The old Lutheran Hymnary pairs this tune (also known as Worship) with two hymns: "Ancient of Days, who sittest throned in glory" and "Praise ye Jehovah, praise the Lord most holy." The tune reminds me of a sitcom character of whom it was said, "I never expected to meet a man who had a full set of recessive genes." Everything negative that could be said of Ellers applies here, while there is nothing good to say about it at all. It is neither memorable nor artistically inspired; and even though I belonged for several years to a church that used the old Hymnary, I have a hard time even imagining a congregation bothering with this tune.

This tune has the ring of a sentimental popular song, circa 1872. And not a particularly successful one. It sounds incongruous and, frankly, cheesy when joined with the hymn "Every morning mercies new." The last hymnal that made this mistake was the 1917/1918 Common Service Book. I doubt it will happen again.

St. Athanasius
I have heard hymns such as "Chief of sinners though I be" and "Holy, holy, holy Lord" set to bland enough tunes. But a tune would have to get up quite early in the morning to out-bland St. Athanasius. I suppose that on some ponderously dignified occasions, such a tune would do fine. In fact, this tune has some merits, chiefly in how it is structured. It's simply too easy to think of more interesting tunes.

St. Hugh
There is an English traditional hymn tune, also in the Common Metre, called St. Hugh ("Sing to the Lord the children's hymn"). The CM St. Hugh by Hopkins is another creature altogether. In Australian circles it is sung with James Montgomery's hymn "Lord, teach us how to pray aright," and William Cowper's "There is a fountain filled with blood."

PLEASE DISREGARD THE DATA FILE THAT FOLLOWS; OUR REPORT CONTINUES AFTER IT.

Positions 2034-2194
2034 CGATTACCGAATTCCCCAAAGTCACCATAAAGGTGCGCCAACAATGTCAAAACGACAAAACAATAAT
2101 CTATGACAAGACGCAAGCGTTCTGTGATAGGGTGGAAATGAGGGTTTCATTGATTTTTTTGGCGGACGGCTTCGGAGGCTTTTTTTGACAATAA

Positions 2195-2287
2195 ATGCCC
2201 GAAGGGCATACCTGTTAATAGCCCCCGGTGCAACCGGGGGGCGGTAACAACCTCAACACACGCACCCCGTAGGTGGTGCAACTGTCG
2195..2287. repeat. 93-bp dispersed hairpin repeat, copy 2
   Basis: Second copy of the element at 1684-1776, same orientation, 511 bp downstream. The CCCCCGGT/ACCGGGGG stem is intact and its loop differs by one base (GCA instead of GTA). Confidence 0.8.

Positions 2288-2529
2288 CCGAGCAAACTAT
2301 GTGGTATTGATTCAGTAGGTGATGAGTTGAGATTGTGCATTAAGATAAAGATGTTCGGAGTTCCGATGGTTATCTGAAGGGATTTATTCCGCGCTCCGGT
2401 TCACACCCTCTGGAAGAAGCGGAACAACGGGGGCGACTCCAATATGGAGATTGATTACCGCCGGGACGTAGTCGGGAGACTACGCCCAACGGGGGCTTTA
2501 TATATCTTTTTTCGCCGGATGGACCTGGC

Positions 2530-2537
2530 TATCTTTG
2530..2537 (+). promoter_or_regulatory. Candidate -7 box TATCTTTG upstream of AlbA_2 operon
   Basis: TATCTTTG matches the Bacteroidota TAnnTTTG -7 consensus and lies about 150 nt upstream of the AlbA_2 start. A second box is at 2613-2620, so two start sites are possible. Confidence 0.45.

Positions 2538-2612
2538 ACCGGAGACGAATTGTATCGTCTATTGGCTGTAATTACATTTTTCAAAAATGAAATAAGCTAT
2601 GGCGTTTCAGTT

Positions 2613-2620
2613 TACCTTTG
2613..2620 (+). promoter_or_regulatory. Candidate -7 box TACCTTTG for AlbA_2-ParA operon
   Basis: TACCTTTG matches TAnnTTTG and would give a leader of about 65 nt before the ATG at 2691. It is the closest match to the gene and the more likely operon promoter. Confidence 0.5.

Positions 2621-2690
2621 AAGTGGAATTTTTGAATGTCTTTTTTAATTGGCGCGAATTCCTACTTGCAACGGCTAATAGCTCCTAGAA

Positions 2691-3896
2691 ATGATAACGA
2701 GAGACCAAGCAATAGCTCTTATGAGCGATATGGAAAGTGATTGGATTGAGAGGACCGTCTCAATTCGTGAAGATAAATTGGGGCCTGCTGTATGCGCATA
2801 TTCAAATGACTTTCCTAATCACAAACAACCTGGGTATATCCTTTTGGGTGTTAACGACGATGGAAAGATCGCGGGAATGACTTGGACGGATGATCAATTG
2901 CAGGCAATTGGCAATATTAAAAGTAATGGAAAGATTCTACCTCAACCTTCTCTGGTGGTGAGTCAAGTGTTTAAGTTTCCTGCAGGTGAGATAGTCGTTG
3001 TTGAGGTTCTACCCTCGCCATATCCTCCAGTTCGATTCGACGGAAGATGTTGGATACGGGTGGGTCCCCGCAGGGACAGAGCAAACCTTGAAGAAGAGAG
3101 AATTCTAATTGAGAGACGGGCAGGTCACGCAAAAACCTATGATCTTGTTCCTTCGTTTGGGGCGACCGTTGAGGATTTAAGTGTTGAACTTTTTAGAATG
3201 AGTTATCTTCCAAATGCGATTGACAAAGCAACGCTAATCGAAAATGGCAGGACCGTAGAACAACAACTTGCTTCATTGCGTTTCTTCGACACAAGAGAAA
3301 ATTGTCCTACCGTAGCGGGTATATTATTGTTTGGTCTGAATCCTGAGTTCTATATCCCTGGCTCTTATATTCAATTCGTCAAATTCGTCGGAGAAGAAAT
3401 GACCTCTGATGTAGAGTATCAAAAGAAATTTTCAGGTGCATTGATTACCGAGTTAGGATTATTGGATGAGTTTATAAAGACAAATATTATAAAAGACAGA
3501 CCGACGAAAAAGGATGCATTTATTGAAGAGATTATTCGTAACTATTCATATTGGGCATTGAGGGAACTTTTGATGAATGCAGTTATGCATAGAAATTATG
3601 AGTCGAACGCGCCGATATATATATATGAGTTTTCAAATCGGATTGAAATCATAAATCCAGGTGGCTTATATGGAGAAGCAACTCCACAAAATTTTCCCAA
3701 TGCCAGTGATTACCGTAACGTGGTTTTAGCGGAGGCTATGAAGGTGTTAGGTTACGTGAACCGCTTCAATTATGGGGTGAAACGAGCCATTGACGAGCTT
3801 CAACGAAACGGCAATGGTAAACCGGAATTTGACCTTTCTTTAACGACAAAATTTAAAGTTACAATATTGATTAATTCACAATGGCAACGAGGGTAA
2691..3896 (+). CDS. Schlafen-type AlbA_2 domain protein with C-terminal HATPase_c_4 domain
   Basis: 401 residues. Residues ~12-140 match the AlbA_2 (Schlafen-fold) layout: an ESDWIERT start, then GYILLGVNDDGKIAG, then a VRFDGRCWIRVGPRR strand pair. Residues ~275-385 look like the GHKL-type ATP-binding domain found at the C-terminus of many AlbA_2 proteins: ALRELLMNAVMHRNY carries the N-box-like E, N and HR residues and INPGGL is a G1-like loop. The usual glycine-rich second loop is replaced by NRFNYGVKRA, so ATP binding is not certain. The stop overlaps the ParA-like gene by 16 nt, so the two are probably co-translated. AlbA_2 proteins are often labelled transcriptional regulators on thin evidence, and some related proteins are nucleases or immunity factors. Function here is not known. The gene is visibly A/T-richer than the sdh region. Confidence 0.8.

Perhaps this is not the right place to mention that I think Cowper's text is one of the stupidest hymns that has ever been mistaken for a work of great profundity. I simply do not understand its appeal. No, I tell a lie. It is me-centered sentimentality dressed in the rags of atonement theology and sacramental language, but it doesn't actually say anything meaningful about atonement or the sacraments. What's not to like? Only, when you scrutinize the words, it is hard to make out what they are really talking about...unless you accept, as I do, the possibility that Cowper was out to lunch when he wrote them.

As for Montgomery, I am usually happy with his work, and his hymn about contrite prayer and Christ-centered faith is no exception. So on the grounds of textual associations, St. Hugh is a wash. Musically, it doesn't stir anything one way or the other, except the impression that Hopkins was trying to break a record for number of 7th chords and inversions thereof in a single hymn tune (I counted eight of them in four short phrases).